Taurine is not bull urine, it is an organic acid with a sulfur in it. It is found in foods, in highest amounts in meats, and is a heart and blood healthy agent that can confer a wide variety of health benefits. Its most well known usage is to reduce cramping caused by fat burners like ephedrine.
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Taurine is an organic acid which acts as a lipid/membrane stablilizer in the body and can aid various anti-oxidant defense systems.
Taurine exerts most of its benefits vicariously though other compounds in the body, but exerts some of its own on a cellular level. It is being heavily researched as an anti-diabetic compound due to its actions on organs of the body of most concern to diabetics (kidney, eye, nerve health) as well as controlling blood sugar while reducing some forms of insulin resistance.
Dosages between 500mg-2,000mg have shown efficacy, although the upper limit for toxicity is placed at a much greater level and high doses are well-tolerated.
The upper limit for which one can be relatively assured no side effects will occur over a lifetime has been suggested to be 3g a day.
6.1. Muscle Soreness
One study using 2,000mg taurine paired with 3,200mg BCAAs (to be taken thrice daily for two weeks prior to physical testing and four days after) noted that combination therapy, but neither placebo nor either supplement in isolation, was able to reduce muscle soreness.
6.2. Aerobic Exercise
Fat oxidation during submaximal activity has been noted to be increased with an acute dose of 1,660mg taurine supplementation in trained cyclists, although this did not impact performance.
Taurine at 1,000mg taken 2 hours prior to exercise has been implicated in improving performance on a 3km time trial in trained athletes, improving time by 1.7% without significantly affecting heart rate or oxygen uptake. Trained cyclists given 1,660mg taurine an hour before cycling (nonmaximal cycling for 90 minutes followed by a time trial) failed to find an improvement in time trial performance with supplementation.
Taurine is investigated for its interactions with testosterone due to being the most prominent free amino acid localized in the testicles of males. It has been detected in Leydig cells, vascular endothelial cells, and other interstitial cells of testis, epithelial cells of the efferent ducts by immunohistochemical methods. In the testes, taurine acts mostly as an anti-oxidant compound and protect the testes and localized structures from oxidative stress. This does appear to attenuate reductions of testosterone from other agents which may reduce testosterone via pro-oxidation, and this has been shown with nicotine, arsenic, cadmium, and doxorubicin.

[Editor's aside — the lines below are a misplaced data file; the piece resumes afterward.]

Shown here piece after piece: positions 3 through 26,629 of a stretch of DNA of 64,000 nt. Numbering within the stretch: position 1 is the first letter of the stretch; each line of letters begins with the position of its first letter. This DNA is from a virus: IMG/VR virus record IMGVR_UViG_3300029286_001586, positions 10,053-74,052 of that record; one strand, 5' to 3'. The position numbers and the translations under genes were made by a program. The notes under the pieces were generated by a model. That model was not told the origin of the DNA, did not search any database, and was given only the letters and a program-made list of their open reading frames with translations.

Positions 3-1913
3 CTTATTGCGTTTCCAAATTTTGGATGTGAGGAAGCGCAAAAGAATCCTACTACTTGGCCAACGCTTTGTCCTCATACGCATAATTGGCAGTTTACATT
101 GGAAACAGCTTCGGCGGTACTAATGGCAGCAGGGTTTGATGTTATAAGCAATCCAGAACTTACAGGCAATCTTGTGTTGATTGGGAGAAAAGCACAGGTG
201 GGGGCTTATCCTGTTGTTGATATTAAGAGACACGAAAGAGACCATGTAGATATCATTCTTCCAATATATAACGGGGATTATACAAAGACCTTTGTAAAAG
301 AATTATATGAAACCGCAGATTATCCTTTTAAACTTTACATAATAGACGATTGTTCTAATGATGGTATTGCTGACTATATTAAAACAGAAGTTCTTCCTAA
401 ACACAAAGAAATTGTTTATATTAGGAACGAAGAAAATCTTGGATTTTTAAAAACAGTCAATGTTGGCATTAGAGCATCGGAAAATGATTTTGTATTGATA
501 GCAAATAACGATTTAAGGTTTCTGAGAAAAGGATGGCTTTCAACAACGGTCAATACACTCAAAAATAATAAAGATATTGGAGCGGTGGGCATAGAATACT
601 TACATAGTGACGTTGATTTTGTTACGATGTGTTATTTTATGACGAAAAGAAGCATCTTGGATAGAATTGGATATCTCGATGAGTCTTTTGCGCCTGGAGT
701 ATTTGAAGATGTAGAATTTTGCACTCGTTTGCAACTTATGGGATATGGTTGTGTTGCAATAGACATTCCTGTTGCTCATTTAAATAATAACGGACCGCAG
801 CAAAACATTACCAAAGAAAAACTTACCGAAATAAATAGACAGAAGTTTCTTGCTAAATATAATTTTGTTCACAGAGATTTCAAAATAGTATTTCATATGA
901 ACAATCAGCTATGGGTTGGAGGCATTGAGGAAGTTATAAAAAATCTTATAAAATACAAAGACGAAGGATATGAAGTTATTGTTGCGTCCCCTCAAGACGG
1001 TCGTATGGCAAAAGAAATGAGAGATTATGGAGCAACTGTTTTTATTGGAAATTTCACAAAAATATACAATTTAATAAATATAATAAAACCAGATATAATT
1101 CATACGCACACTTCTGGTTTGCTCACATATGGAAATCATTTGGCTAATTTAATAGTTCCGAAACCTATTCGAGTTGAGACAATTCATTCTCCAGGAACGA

Another state in which taurine may prevent oxidation-mediated reductions in testosterone is diabetes. Excess glucose and pro-oxidants in the blood of diabetic rats negatively influence testicular function, which is attenuated by taurine and testicular anti-oxidants in general. One study to measure testicular anti-oxidant enzymes also found they were increased, with increases in superoxide dismutase (SOD) and glutathione with more efficacy in aged rats; young rats had a remarkable increase in sorbitol dehydrogenase, and both groups experienced a slight increase in testicular Nitric Oxide levels.
Maternal consumption of taurine also appears to beneficially influence androgen levels of the offspring, when measuring serum testosterone when the mother consumed 1% taurine in drinking water (rats).
General protective effects of taurine on oxidant-induced decreases in testosterone, which is linked to taurine acting as an anti-oxidant and being highly concentrated in the testicles
One study in healthy 2-month old rats given 0.5, 1, and 1.5% taurine in the drinking water for 5 weeks noted increases in serum testosterone (as well as FSH and LH) with 1% being most significant and elevating testosterone in both serum and the testes from around 50ng/dL to 80ng/dL, a 60% increase. These results were later replicated with 1% Taurine in the diet of adult and aged male rats, where an increase in testosterone and LH were noted in both groups but to a more significant degree in older rats.
The mechanism, as assessed in vitro, appears to be enhancement of HCG-induced testosterone secretion at 10-100ug/mL (and also progresterone induced testosterone secretion) while 1ug/mL or less had no effect and 400ug/mL had a suppressive effect. Secretion of testosterone was attenuated when cysteine sulfinate decarboxylase (CSD) was inhibited as well, suggesting that locally produced taurine also plays a role.
The only human study on taurine (1500mg) was confounded with creatine (5g) and glucuronolactone (350mg) as well as caffeine (110mg) and 19g Branched Chain Amino Acids (Amino Shooter, Champion Nutrition) and failed to show any significant influence on testosterone different than placebo. The lack of response from creatine in increasing testosterone may be due to creatine’s instability in solution, and the selected product being a ready-to-drink formulation (and thus no active creatine, only creatinine).
Two studies have shown taurine supplementation to increase testosterone in otherwise healthy rats, no current human studies with similar design; one human study showing no effects of 1,500mg taurine acutely with other ingredient confounds